Another issue involving partial tax deduction relates to improvements to HVAC and the building envelope. In this case, it will be possible for building owners to obtain a $1.20 deduction per square foot for upgrading these systems. To qualify, the improvements must also equal or exceed system-specific savings targets to be established by the secretary of the treasury (which, again, have yet to be announced). Roof systems on low-rise buildings with enhanced insulation levels (such as those using plastic foam roof panels) may be instrumental in achieving a partial tax deduction. These plastic panel roof systems can include the use of sealed extruded or expanded polystyrene (XPS or EPS; insulated concrete forms [ICFs] and structural insulated panels [SIPs]), spray polyurethane foam (SPF), and polyiso, among other plastic materials.
EPAct specifies guidelines for calculating, and obtaining certification of, energy savings. A list of software for this purpose is available in the 2005 California Nonresidential Alternative Calculation Method Approval Manual.2 It outlines the requirements for individuals or companies wishing to design a calculation computer program to use with the energy standards. The new act also notes procedures will be defined for inspection and testing by qualified individuals to ensure compliance of buildings with energy savings plans and targets.
Public buildings, such as schools and other government-owned properties, can also be eligible for a tax deduction. In this case, the deduction can be allocated or transferred to the person primarily responsible for designing the property instead of the owner (i.e. the architect firm responsible for the public school). In addition to this federal legislation, many states—including California, Maine, North Carolina, Oregon, and Washington—are enacting laws requiring ‘green’ certification for state-owned buildings.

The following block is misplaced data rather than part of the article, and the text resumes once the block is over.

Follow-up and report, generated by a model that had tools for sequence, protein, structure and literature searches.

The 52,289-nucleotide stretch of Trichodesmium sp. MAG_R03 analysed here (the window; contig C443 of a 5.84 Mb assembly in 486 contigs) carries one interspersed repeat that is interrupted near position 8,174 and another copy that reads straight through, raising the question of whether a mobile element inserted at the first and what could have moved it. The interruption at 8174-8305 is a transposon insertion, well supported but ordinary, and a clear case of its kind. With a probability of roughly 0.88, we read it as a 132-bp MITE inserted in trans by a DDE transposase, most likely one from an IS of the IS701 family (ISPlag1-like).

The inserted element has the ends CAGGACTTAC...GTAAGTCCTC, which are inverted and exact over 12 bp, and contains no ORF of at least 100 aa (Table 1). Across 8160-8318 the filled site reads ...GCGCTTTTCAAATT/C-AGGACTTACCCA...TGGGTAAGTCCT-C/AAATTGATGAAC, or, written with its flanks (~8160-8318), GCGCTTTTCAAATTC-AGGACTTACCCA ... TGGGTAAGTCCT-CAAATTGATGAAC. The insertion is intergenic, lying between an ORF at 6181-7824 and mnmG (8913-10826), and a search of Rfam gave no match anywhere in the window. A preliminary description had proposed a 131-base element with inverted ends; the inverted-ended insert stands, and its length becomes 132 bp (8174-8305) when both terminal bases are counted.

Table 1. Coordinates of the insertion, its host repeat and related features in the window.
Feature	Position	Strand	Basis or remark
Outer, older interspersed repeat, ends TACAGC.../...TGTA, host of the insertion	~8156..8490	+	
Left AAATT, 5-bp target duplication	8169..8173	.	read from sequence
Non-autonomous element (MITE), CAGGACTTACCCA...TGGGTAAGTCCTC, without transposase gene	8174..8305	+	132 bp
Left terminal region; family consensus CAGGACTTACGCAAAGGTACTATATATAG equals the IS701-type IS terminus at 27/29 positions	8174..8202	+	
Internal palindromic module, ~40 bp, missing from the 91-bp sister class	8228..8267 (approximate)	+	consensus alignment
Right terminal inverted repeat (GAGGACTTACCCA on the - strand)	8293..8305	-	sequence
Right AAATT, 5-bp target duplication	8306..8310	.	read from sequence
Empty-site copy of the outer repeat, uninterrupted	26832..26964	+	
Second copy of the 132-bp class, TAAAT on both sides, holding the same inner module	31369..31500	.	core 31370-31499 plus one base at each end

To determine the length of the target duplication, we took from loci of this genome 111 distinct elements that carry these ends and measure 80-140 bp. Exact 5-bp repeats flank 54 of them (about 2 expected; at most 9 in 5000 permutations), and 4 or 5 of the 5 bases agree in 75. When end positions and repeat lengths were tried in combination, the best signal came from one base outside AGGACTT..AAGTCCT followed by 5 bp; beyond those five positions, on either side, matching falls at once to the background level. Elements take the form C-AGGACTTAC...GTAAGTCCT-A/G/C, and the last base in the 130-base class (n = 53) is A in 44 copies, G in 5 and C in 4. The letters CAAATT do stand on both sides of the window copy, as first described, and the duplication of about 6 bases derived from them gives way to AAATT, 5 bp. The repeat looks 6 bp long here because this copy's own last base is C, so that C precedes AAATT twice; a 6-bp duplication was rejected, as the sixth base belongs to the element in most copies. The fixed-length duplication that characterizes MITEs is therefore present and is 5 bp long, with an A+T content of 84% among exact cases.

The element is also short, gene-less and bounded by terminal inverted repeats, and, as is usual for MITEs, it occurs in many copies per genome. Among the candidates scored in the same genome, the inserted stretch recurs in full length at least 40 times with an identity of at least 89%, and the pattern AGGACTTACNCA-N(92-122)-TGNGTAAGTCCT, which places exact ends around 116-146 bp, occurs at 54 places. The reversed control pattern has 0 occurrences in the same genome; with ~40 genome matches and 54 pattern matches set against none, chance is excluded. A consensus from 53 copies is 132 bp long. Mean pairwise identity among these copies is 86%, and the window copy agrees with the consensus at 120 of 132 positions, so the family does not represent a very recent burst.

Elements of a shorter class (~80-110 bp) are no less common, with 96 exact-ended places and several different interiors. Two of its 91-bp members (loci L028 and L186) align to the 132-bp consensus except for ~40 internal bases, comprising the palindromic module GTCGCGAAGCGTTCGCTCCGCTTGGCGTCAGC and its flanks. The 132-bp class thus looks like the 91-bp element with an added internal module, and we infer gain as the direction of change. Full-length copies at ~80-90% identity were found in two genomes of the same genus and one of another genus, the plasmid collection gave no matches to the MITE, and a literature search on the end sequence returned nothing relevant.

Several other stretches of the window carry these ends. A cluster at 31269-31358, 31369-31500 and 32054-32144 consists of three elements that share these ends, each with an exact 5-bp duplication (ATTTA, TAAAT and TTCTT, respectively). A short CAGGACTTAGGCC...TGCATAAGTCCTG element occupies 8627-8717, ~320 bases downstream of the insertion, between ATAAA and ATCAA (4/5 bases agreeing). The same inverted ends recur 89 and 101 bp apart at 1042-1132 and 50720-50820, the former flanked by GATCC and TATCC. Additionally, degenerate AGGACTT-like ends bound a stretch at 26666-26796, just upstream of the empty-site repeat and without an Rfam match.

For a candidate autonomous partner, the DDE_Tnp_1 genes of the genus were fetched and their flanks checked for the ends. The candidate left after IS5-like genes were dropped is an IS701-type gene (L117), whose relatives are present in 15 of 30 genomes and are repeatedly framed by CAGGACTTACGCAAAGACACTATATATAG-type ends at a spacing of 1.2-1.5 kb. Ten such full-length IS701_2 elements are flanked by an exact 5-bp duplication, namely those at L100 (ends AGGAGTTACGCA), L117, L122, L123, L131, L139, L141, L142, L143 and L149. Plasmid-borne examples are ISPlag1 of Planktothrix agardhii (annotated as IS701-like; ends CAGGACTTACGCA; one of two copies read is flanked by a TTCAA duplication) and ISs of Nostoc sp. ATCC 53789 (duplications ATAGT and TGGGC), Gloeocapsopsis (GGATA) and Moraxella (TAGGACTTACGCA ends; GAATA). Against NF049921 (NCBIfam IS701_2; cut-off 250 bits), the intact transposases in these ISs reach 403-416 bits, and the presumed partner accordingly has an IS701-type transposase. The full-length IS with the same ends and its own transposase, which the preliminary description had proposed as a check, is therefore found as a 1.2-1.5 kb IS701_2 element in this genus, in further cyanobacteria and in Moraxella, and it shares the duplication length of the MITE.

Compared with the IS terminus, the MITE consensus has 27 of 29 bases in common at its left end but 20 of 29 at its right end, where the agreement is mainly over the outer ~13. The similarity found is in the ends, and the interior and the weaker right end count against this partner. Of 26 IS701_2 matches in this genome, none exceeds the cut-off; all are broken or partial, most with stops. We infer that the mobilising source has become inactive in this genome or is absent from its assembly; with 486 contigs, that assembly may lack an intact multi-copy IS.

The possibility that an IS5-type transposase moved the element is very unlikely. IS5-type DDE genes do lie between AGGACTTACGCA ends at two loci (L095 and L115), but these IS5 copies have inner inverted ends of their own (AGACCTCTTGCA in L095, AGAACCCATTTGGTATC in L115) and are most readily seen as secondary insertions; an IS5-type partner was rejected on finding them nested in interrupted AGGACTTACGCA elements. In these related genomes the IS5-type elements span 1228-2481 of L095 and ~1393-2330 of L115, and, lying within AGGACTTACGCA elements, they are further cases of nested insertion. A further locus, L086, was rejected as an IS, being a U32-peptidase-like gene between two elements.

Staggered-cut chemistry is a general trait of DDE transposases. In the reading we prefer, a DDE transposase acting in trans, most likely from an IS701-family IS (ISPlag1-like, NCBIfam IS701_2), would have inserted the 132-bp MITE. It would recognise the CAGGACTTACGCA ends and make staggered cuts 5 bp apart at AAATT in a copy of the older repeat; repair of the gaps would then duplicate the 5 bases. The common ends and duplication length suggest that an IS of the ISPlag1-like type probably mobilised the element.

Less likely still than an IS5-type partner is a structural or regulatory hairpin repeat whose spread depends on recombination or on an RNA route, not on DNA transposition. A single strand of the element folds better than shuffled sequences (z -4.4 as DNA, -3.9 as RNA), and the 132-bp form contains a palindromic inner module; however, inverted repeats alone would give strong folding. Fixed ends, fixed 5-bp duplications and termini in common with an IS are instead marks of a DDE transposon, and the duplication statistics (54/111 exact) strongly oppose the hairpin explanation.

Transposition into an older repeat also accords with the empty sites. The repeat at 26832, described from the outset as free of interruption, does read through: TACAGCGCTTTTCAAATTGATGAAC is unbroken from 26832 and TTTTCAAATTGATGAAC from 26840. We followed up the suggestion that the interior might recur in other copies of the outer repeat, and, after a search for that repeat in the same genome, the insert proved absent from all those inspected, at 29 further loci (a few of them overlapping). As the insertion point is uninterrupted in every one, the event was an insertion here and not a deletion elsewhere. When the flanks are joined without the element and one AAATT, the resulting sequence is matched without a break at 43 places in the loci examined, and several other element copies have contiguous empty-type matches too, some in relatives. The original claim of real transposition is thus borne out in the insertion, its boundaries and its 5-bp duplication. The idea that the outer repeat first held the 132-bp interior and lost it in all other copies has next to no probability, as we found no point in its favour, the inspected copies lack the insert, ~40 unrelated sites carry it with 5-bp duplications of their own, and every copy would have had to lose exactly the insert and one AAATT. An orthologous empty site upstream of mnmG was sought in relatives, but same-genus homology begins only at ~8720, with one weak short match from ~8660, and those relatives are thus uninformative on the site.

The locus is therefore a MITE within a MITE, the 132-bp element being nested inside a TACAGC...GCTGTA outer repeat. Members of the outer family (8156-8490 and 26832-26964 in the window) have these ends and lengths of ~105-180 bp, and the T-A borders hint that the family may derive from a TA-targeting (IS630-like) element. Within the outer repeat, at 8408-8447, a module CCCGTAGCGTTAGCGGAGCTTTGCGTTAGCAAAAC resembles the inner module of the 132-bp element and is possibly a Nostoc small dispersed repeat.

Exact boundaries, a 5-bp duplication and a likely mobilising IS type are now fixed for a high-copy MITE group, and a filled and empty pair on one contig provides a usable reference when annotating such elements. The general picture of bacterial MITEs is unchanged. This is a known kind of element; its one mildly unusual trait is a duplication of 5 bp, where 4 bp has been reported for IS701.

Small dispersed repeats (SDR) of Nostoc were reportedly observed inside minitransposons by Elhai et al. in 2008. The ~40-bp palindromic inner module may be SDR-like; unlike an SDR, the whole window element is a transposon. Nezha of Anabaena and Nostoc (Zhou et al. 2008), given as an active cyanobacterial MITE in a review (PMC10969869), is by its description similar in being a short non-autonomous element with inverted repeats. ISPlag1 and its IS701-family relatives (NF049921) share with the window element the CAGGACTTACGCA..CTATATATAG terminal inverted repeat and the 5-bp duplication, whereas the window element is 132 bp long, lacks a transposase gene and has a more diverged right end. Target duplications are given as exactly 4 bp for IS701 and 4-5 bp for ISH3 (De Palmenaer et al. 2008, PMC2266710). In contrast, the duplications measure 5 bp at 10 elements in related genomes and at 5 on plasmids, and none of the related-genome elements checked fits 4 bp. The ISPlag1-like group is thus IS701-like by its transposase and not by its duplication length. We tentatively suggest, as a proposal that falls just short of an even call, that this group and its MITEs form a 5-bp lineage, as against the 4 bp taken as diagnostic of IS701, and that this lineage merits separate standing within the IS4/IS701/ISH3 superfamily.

In addition to commercial and public buildings, EPAct provides incentives to homebuilders and home manufacturers. An eligible contractor who constructs a qualified energy-efficient home can qualify for a credit of up to $2000. The credit is available for all new homes, including manufactured units constructed in accordance with the Department of Housing and Urban Development’s (HUD’s) Federal Manufactured Homes Construction and Safety Standards.
With regard to site-built homes, the credit of $2000 is available to those certified to have a level of annual heating and cooling energy consumption at least 50 percent below a comparable home constructed in accordance with the standards of the 2004 supplement to the 2003 International Energy Conservation Code (IECC). This benchmark can potentially be reached through the proper use of plastic foam insulation.